Dallas — On April 1, Jackie O. came back to Dallas to visit the city that housed and lead to the subsequent capture of her husband’s assassin, Oak Cliff. Taking the stage at the Kessler Theater, Jackie O. graced us with her effervescent and ethereal presence, helping us to realize that life for her exists in two parts: Before Dallas (B.D.) and After Dallas (A.D.). The haunting constantly continues, just as life continues, on and on in a revolving circle of trauma, grief, and memories.
Jackie O. returned to us thanks to Karen Finley, performance artist extraordinaire. In a career that has spanned nearly 40 years and has examined almost every social injustice, nothing seems to escape Finley’s eye. Her latest work is no exception. In what she calls “the casualization” of violence, Finley provides new insight into the concept of the “the gaze” in The Jackie Look, presented by WordSpace.
Using Jacqueline Kennedy Onassis and her trauma as a replacement for all of our lives and how we view trauma, Finley raises an important question: “If it wasn’t for art, where would my recovery go?” The implications go beyond Jackie O., the JFK assassination, and Dallas; instead, they touch on national issues of education, diversity, and gender equality. Art provides us with a mirror on society, granting us the protection and the entrance into discussing polarizing issues. Yet, that mirror calls forth a specific voice, but not the one we would normally expect. What Finley so deftly does is conceal and reveal the act of “seeing” and “looking,” while promoting and negating their generally understood definitions and roles in society.
“Please release me from your gaze…I was your target practice…” she says, opening up a dialogue about the asexual (read: unisexual), nature of “the gaze.” Gone is its masculine quality; instead, she wants us to understand “gaze” as an act that is performative and transformative. We perform “looking,” we photograph “a look,” a moment, we capture “the gaze” and create its memory as we want to memorialize it.
Even though Finley first performed this work five years ago, its relevance is still prominent today as these concepts are amorphous, intangible, and ephemeral. With each fresh human tragedy in our society, we become instantly and increasingly connected to our world. Whether or not we want to.
While talking about these concepts feels like being lectured to—and that’s how this first section of the performance began to sit, as a graduate school lecture on art history, photography, and the male gaze—Finley smartly reminded us that she was playing a character. The use of “playing” is not to diminish what Finley accomplished through her performance, but rather to highlight the act that she completed and had us complete with her, as she sweetly convinced us to “play” along with her.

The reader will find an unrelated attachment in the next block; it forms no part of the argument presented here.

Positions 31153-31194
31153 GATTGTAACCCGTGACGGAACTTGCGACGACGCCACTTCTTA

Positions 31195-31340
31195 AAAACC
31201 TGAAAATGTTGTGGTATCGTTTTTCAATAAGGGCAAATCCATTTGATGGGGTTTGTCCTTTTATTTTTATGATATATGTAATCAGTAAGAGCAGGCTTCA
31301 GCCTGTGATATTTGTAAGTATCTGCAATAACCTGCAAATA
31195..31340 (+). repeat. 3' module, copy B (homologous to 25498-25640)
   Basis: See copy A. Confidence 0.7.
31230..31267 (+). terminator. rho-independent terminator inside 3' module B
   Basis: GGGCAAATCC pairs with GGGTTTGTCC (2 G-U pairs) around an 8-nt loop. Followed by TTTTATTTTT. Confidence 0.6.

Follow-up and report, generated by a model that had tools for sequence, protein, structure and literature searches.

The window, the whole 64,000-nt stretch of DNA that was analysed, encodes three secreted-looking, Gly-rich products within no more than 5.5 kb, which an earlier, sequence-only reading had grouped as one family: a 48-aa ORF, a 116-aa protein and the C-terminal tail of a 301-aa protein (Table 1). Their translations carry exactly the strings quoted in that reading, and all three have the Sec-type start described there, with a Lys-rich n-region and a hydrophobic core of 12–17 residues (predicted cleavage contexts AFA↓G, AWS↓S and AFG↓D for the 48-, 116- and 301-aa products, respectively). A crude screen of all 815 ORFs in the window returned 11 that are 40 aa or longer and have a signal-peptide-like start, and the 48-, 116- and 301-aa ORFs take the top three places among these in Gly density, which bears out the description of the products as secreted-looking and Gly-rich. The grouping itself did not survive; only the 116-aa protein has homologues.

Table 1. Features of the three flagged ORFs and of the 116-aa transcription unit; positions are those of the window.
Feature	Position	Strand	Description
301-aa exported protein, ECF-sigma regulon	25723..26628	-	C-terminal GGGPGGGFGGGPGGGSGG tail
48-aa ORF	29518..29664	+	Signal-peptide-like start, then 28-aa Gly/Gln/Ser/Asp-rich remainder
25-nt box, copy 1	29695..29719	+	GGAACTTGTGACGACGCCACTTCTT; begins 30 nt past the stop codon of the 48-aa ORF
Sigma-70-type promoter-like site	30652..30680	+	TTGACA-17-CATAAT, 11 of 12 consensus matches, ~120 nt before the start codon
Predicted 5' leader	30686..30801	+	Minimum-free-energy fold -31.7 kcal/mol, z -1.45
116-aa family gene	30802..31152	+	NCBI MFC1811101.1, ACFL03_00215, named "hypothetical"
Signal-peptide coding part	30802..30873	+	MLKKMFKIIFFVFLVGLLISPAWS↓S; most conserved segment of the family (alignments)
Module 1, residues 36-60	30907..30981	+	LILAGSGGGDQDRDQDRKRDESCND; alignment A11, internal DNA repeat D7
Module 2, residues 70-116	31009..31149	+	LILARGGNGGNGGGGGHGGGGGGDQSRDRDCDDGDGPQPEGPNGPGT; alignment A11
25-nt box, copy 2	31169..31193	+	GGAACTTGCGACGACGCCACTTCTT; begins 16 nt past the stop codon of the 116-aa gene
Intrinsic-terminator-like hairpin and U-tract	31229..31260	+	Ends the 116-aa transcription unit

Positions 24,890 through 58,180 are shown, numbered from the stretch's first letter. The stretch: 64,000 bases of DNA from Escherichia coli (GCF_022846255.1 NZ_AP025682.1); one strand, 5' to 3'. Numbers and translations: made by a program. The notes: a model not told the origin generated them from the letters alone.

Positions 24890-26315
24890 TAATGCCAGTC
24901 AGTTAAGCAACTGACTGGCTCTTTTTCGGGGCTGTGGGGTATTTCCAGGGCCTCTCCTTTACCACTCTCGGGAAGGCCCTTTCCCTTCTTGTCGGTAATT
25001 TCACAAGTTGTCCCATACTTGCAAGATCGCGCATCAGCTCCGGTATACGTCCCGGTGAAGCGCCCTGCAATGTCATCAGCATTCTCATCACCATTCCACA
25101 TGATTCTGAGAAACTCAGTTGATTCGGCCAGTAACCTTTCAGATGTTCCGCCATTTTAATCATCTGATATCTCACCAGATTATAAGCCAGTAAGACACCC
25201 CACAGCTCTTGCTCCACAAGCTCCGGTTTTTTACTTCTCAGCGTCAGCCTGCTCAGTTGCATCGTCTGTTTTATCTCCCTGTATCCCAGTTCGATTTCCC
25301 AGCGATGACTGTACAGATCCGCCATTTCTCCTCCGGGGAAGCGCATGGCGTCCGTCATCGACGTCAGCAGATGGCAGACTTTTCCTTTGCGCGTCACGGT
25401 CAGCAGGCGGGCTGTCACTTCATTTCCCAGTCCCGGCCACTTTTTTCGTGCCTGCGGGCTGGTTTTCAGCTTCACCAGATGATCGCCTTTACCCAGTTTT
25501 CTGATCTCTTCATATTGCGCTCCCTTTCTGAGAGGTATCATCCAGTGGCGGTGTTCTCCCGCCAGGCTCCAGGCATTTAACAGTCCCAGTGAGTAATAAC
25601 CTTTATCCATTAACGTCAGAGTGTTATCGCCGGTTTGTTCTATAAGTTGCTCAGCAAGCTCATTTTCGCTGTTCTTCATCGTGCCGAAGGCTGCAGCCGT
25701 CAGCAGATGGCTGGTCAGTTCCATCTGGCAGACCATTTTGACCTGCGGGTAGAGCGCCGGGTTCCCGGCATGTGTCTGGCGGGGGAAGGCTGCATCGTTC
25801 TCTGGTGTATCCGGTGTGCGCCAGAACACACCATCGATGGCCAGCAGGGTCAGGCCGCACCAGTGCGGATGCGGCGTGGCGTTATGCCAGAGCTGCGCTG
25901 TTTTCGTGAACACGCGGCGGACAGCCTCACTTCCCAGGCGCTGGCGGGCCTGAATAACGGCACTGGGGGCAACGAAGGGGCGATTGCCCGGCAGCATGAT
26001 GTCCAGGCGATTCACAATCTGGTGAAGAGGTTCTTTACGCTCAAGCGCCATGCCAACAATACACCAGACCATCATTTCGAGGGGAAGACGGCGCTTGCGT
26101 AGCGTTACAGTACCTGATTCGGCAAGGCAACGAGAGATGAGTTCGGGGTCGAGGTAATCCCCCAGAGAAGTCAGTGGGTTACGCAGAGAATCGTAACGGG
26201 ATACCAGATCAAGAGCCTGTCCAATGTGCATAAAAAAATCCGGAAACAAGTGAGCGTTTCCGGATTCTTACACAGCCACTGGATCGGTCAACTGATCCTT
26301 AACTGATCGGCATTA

To follow her non-linear narration into a fantasy world that was too full of reality.
In playing a character, in working through and becoming the transformative figure, one leaves their body, traveling outside of themselves to explore and examine the world in a distal and metaphysical manner. In doing so, one is able to return to their physical body, with a new reading of reality. Finley works to achieve this transformative state, and maybe that’s the thesis of this production, that the act of transformation allows us to become wise together: “We cannot separate fiction from fact…it’s an illusion of space, time, and reality.”
Finley uses her body both as subject and object, and her voice becomes a vehicle for political and social action. The cadence is both poetically enveloping and painfully grating. The sweetness is inherently sickening allowing Finley to explore the feminine, and in sense, recreate trauma.
She accomplishes this task in a number of ways, by searching eBay for JFK memorabilia—“That’s what I collect, my husband’s head in my hands…”—by making connections to riots and police violence throughout history, and by examining the media’s treatment of women in positions of power—“We had to wait until Princess Di…Jackie retired to the White House…I see you Michelle Obama, not as a vehicle to see your husband…I give you my place Michelle, my privileged whiteness splattered with blood…”
It’s time to be exposed, and the performance was an ode to the human gaze. The result: a new mirror on society was created as Finley became Jackie O. and we became Finley, and thus, became more than ourselves. “I become you, you become me.” She pulled the audience on stage with her—literally, for a Studio 54 dance party, a semi-intermission and welcomed reprieve from the dramatic action, and metaphorically, by turning the questions onto us, forcing a rhetorically situation to arise. She hit her stride in her monologue on shopping and compulsive behavior. It was wild, transformative, and unapologetically feminine.
Yet, at times the performance was lacking in clear structure or cohesion, and the balance of comedy and drama was uneven. But issues that can be rectified with editing and a deeper directorial investigation of what the work holds. Such is the double-edge of sword of solo performance work, or performance art in general. It can always grow and develop and be improved upon. But that never negates the power of the words and the actions, of the gaze it places upon the audience. “Thank you for looking at me. Your looking at me protected me. I’m no longer at the mercy of emotions.”